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Gordon Moore, InterfaceNineteen sixty-eight marked a year of tragedy but also of transformation. It may be 50 years in our past, but what occurred that year is still very much alive with us today. Here are our top 5 reasons why the scientific advances of that year are super “groovy” in our book:

5. Patent for the jacuzzi whirlpool hot tub granted

Roy Jacuzzi realized early on that the market for leisure and fitness was a growing one. He set out to create a bathtub that allowed enough room to offer “a relaxing soak,” according to Jacuzzi Inc.’s company history page. With that, the first bathtub with a built-in whirlpool system was born. The laid-back culture of California in the 1970s turned out to be the perfect launching ground for the now widely appreciated and known jacuzzi.

4. Apollo 8 is the first manned spacecraft to orbit the moon

Jim Lovell, Bill Anders, and Frank Borman became the first human beings to orbit another world. According to NASA, on Christmas Eve 1968 the three men were the first to orbit the moon and see  Earth as a whole planet. With that, Jim Lovell confirmed, “there is a Santa Claus.”

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Krishnan RajeshwarECS celebrates Krishnan (Raj) Rajeshwar, a professor, researcher, former Interface editor, and former ECS president, by honoring him, on the occasion of his 70th birthday, with a Journal of The Electrochemical Society focus issue on semiconductor electrochemistry and photoelectrochemistry.

Learn more.

Topics of interest include but are not limited to fundamental studies on electrochemistry, photoelectrochemistry, and semiconductor devices.

Raj has spent a great deal of his career focusing in on the understanding and application of semiconductor electrochemistry and photoelectrochemistry himself. His research also includes work in solar energy conversion, environmental chemistry, and more. It’s evident that Raj is passionate about his life’s work.

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Moon Palace

Your all-inclusive reservation includes unlimited meals, drinks, taxes and gratuities.

Have you made your plans yet to join us at the upcoming AiMES 2018 meeting in Cancun from September 30–October 4?

Of course, the technical program is one of the most comprehensive in the fields of electrochemistry and solid state science, but you will also have many different options for how to enjoy your free time!

The meeting will be held at the beautiful Moon Palace Resort, a gigantic luxury resort located along Cancun’s Mayan Riviera and set amidst 55-acres of lush tropical foliage. Just minutes from the Cancun International Airport, it features a full-service spa, a 27-hole golf course designed by Jack Nicklaus, a larger-than-life pool, and numerous restaurants and dining options, all making for an unforgettable experience.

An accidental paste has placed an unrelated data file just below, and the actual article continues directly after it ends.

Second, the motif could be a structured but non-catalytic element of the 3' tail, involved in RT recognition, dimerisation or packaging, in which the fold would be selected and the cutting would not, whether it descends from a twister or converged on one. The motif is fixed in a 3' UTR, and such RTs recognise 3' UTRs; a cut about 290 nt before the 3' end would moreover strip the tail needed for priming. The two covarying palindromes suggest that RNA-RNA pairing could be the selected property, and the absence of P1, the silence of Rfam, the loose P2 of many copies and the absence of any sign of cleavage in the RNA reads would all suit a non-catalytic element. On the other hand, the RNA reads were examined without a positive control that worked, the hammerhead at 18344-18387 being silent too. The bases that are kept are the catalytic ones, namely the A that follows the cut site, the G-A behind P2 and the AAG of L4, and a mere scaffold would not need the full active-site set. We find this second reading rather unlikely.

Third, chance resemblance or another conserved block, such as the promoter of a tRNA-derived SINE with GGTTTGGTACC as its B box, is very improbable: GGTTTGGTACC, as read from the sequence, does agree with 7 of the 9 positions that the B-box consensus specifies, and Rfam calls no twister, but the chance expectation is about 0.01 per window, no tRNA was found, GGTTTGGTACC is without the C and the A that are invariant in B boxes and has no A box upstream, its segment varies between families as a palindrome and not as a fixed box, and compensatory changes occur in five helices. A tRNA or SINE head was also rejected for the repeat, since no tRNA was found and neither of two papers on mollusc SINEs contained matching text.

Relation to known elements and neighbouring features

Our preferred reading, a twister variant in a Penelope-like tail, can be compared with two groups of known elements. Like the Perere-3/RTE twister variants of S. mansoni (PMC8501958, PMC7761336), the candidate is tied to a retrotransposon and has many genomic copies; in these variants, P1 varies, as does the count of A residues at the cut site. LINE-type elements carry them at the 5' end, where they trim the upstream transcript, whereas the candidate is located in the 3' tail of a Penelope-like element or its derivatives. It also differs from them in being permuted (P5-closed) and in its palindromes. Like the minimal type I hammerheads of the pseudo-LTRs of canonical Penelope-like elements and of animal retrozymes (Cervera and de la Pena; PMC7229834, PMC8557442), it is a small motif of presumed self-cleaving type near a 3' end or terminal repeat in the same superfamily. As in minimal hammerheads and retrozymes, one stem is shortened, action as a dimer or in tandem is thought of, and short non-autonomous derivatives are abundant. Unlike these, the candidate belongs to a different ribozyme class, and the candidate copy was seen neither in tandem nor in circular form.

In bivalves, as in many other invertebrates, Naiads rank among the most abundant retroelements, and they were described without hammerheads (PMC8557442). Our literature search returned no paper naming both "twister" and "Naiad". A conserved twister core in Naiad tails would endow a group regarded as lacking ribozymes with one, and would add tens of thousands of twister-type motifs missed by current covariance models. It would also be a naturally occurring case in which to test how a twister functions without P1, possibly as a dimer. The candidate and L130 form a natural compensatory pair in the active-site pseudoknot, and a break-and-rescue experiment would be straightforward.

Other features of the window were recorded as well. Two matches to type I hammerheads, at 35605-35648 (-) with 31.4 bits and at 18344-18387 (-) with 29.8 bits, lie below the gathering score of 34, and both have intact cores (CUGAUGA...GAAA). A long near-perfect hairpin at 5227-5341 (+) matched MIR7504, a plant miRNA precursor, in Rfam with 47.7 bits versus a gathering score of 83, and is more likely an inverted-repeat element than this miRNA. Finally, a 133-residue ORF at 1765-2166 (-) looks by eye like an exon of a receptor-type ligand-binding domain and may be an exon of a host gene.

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Jan Talbot (center) with Wendy Coulson (left) and Nicole Pacheco (right), Talbot’s graduate students.

One of the pioneers for women in engineering, Jan Talbot retired from the University of California San Diego on July 1, 2018.

Talbot was one of two women in her chemical engineering class at Penn State University. In 1970, when she started her program, there were only seven women and nearly 3,000 men in engineering.

According to the National Science Foundation, in 1973, 576 women in the U.S. graduated with a bachelor’s degree in engineering. Two years later, Talbot was one of the 372 women that earned a master’s.

After completing her degrees at Penn State, she became one of two women in her class to graduate from the University of Minnesota in 1986 with a doctorate in engineering and one of 225 women to earn that degree in the whole country.

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HTMWhat was once known as the High Temperature Materials (HTM) Division of The Electrochemical Society has undergone a name change. It will now be known as the High-Temperature Energy, Materials, & Processes Division (H-TEMP). The ECS Board of Directors recently approved this name change at the 233rd ECS Meeting, effective immediately.  H-TEMP includes topical interest areas such as fuel cells, electrolyzers, and energy conversion.

For several years, there has been an ongoing debate within the HTM Division about whether the name adequately represents the topical research areas, materials, and division activities such as organizing long running successful symposia, which are primarily centered around high temperature electrochemical energy conversion and storage science and technology that HTM has been heavily engaged in for the past several decades.